Still, he will be there soon. His signing, which took less than 24 hours from “Hey, what about trying Silva?” to him scrawling his name on a contract, is one of the most exciting moves of the summer, a sense of homecoming for a player for whom appreciation came late but is unanimous now. His return feels like a coup and nor is he alone. At the other end of the age range, the performance of Ansu Fati for Spain got everyone excited again this week. So, yes, there are reasons to be cheerful, plenty to look forward to still, things happening.

Nowhere is more happening than at Mestalla, even if that has been eclipsed by the crisis in Catalonia. Valencia unravel. A huge club, it shouldn’t be this way, the sense of decline palpable, the social divide becoming unbridgeable. The federation of supporters’ clubs has been told to leave the stadium office it has had for 25 years. Dani Parejo and Francis Coquelin left before them, practically given away to Villarreal. Ferrán Torres has gone to City. Rodrigo has departed for Leeds. Ezequiel Garay didn’t renew. If offers come, don’t rule out Maxi Gómez following. But there is trust in Javi Gracia, a clever manager who has been in situations like this before.

He who finds no consolation doesn’t seek it, they say. Fingers crossed, fans will get in eventually, making this feel right again, the football a vehicle for everything else. And there is cause for enthusiasm elsewhere, things to watch, games to grab you, people to enjoy. Not least at promoted Cádiz, Huesca and Elche, who bring 40-year-old striker Nino with them. Or Athletic, Eibar, La Real, Alavés: there’s something about the Basque teams, although that is bound up in the community around them. Maybe Levante surprising everyone again, so much fun. Eibar against the odds, José Luis Mendilíbar still there fighting the good fight.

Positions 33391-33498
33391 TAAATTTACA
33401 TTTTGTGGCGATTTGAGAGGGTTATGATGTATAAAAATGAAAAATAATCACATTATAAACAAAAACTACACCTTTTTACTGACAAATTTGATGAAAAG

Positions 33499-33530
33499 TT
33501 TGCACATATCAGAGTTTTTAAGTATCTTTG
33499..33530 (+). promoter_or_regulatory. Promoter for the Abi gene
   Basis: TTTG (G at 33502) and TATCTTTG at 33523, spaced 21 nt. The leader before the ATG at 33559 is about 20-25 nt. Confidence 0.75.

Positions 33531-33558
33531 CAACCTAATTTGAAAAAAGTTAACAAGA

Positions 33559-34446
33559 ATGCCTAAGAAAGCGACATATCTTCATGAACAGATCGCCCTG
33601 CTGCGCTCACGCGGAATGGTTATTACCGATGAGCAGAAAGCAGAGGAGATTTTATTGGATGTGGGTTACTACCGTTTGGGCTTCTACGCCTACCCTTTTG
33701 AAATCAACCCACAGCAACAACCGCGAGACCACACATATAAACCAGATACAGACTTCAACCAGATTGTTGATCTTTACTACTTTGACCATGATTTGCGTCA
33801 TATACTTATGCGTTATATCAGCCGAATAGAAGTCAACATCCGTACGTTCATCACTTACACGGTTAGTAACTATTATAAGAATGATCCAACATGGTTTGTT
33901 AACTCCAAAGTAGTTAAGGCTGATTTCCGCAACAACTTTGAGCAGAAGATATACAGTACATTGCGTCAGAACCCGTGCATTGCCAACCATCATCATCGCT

Manuel Pellegrini has joined Betis. Unai Emery is back in Spain with Villarreal, who have signed well. Ivan Rakitic has gone home to Sevilla, where Óscar has joined him. Why shouldn’t they dream of winning the league, president Pepe Castro asked, instantly becoming a hostage to fortune. But, add a goalscorer, and actually why not?

Atlético still want a striker too. Barcelona, who have Philippe Coutinho back, may have a busy month ahead. Madrid won’t, at least not when it comes to bringing players in, but they will believe they have the base from which to defend their title, Odegaard was the league’s outstanding midfielder in the first half of last season and they’re entitled to expect more this season from Vinícius, Asensio, Rodrygo and Eden Hazard, who has cost them €10m per league game. Get him fit and there’s a player, that’s for sure.

There are players everywhere, not least those no one knows yet, waiting to take us on their journey with them. Not that it’s only them; it’s so much more. There’s Joaquín, the feint and the sprint heading into its 20th season. Jesús Navas’s legs whirring still. The Deyverson show. Comandante Morales and José Campaña. Isak and Aspas, Benzema, Saúl and De Jong. Iñaki Williams, Jorge Molina, Samu Chukwueze, Carlos Fernández. Oh, and Lionel Messi is still around.